(well...almost everything)

Okay, so it isn't really everything you always wanted to know, but, hey, what do you want for free?

First, let's talk about twist rates.

What I have tried to accomplish here is basically useless information. That's right ... it's really useless ... and it took a hell of a lot of time to compile and type.

But, quite honestly, I get so tired of reading in the many firearms forums the following question:

"What bullet should I use when my rifle has a twist rate of 1:10?"


"I'm using a (insert manufacturer name here) bullet, and it weighs (insert weight in grains here). What should my rifling twist rate be?"

Well, this page is for you guys!

If you're unable to search the web, send email to the manufacturer, or to use a calculator; or if you never completed grammar school or high school math, but consider yourself a ballistic engineer; this page is for you!

What I have on this page are tables ... lots and lots of tables!

The primary tables are useless if you are not able to measure the length of a bullet. That being said, if you are able to place a bullet in the jaws of a caliper or micrometer, and are able to read the dial or scale, then these tables will be extremely useful to you!

The first set of tables will list bullets (by actual measured diameter, not the commercial caliber designation) and next to each bullet diameter will be a listing of the bullet lengths which will stabilize in a barrel with a specific twist rate.

So say you have a .223 Remington firearm, and the twist rate is 1:12. You simply go to the table which contains the .224 diameter bullet, look at the twist rate (1 in 12) and it will give you the lengths of the bullets which your firearm should be able to stabilize (in this case, 0.603" to 0.654").

Or ... let's say your great-grandfather just passed away and he left you 1,000,000 bullets, but they are just thrown in a very big cardboard box with no identification. Upon measuring these bullets you find they are .244" in diameter and 0.947" in length.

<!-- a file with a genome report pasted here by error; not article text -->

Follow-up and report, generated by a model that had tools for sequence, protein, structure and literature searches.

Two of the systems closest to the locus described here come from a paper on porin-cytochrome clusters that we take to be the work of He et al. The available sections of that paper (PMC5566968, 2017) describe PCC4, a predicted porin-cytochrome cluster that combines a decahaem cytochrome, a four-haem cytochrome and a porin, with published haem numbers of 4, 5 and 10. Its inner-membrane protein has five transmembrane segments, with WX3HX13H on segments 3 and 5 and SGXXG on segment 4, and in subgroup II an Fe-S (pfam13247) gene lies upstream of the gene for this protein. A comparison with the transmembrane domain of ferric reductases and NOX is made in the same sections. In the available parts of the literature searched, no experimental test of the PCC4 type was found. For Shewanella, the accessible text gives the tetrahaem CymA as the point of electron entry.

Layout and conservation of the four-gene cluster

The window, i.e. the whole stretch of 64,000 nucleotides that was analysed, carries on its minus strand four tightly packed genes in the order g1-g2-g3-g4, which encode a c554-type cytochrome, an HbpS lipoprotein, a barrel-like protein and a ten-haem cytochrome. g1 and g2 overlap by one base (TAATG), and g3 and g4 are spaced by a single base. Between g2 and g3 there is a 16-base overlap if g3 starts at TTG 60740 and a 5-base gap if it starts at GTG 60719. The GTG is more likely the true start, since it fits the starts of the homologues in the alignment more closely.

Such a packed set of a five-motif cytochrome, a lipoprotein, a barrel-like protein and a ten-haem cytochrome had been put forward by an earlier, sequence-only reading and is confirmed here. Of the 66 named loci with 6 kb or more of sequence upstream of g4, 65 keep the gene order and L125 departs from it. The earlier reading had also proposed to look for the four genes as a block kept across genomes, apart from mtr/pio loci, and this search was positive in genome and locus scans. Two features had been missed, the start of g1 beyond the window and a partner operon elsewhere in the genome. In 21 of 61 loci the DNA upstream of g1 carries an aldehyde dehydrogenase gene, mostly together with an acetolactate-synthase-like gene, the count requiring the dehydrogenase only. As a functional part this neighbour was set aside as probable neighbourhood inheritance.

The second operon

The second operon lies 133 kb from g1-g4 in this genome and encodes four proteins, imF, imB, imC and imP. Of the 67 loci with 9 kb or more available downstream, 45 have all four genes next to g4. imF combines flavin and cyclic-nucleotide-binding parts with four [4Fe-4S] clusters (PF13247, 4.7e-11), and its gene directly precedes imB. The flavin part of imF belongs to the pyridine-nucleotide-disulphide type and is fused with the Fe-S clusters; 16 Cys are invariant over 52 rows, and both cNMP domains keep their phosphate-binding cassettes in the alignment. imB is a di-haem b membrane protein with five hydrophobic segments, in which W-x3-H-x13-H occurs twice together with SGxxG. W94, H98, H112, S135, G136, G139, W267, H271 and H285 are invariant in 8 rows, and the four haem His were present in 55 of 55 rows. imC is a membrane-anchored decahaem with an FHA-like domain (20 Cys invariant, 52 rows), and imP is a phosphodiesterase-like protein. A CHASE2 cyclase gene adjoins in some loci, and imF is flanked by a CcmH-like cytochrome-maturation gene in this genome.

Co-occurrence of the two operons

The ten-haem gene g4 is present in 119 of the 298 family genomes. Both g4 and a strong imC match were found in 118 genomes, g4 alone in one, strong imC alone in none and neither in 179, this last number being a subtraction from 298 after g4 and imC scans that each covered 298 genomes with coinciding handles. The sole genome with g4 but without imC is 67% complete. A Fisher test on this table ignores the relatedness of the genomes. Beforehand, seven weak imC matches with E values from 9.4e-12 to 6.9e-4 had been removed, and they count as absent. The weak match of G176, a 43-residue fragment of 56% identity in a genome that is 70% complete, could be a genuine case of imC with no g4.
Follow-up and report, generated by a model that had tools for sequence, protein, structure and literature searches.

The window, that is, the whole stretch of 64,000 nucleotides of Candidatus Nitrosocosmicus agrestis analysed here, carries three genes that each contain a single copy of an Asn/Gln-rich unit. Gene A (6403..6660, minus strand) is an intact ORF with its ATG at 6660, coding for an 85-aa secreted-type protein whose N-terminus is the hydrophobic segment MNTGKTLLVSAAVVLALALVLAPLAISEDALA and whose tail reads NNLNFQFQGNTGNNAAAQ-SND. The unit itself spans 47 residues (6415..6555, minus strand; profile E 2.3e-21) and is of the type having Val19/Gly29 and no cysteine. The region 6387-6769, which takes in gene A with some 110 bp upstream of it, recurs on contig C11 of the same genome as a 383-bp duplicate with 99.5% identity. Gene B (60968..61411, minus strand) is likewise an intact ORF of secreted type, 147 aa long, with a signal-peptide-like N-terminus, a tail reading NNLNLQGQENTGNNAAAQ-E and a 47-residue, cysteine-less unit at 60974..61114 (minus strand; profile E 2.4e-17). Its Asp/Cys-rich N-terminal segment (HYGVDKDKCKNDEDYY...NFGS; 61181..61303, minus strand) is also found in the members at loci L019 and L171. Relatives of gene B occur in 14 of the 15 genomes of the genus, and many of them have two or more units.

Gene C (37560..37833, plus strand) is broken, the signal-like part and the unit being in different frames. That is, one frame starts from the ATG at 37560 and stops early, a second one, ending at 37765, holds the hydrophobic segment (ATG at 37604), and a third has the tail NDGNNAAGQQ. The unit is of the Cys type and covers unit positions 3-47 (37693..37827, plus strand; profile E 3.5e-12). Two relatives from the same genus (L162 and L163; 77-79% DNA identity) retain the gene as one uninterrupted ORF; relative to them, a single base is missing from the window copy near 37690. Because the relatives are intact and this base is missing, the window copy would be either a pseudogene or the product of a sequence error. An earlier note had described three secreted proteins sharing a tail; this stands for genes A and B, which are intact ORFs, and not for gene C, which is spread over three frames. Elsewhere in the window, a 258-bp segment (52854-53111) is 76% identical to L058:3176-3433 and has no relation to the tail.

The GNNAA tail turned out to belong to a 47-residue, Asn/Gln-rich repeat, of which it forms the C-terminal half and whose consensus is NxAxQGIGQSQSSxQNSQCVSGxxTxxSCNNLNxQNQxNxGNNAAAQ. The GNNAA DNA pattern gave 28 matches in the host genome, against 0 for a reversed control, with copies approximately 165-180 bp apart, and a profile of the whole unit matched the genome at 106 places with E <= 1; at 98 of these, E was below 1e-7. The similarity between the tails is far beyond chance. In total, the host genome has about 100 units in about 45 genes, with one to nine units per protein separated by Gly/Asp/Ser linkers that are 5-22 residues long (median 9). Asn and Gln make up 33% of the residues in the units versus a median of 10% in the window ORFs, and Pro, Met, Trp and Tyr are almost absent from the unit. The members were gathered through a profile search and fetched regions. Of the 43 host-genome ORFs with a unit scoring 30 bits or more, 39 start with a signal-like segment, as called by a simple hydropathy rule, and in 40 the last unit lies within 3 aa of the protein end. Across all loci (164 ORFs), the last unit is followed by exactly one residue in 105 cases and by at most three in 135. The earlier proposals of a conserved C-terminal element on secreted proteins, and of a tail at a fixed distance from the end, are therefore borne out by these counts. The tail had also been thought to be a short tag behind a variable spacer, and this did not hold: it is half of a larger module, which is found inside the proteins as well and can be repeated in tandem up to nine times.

You then go to the table which contains the .244 diameter information, go down the length column until you find "0.947", and there ... right in front of your eyes you see that this bullet should stabilize in a firearm with a twist rate of 1:10. (Boy are you ever happy, because that is exactly what your good old 6mm Remchester has for a twist rate!)

For those of you who want to have a custom rifle barrel reamed, and have made up your mind as to the exact bullet you are going to use for the rest of your life with that particular firearm, then these tables are not for you. Go to my Table #3, search down and find the Greenhill calculator. Open it to run on-line, select the velocity you will be obtaining, enter the bullet diameter and the bullet length, and the computer on my end will tell you the exact twist rate...

Say you were building a .264 Winchester Magnum. You want to use the Sierra 142 grain HPBT bullet. You have measured that bullet, and it is .264" in diameter and 1.385" in length. Your velocity will be less than 2800 FPS. Plug that data in and VIOLA, you will find out that the optimum twist rate for your new barrel should be 1 twist in 7"! If that isn't exact enough for you, I have the Greenhill formula also available and you can plug values into the formula and do your own calculations. If you do your own, then you will find that the absolutely perfect and optimum twist rate is 1:7.55" (but nothing is absolute or perfect or optimum).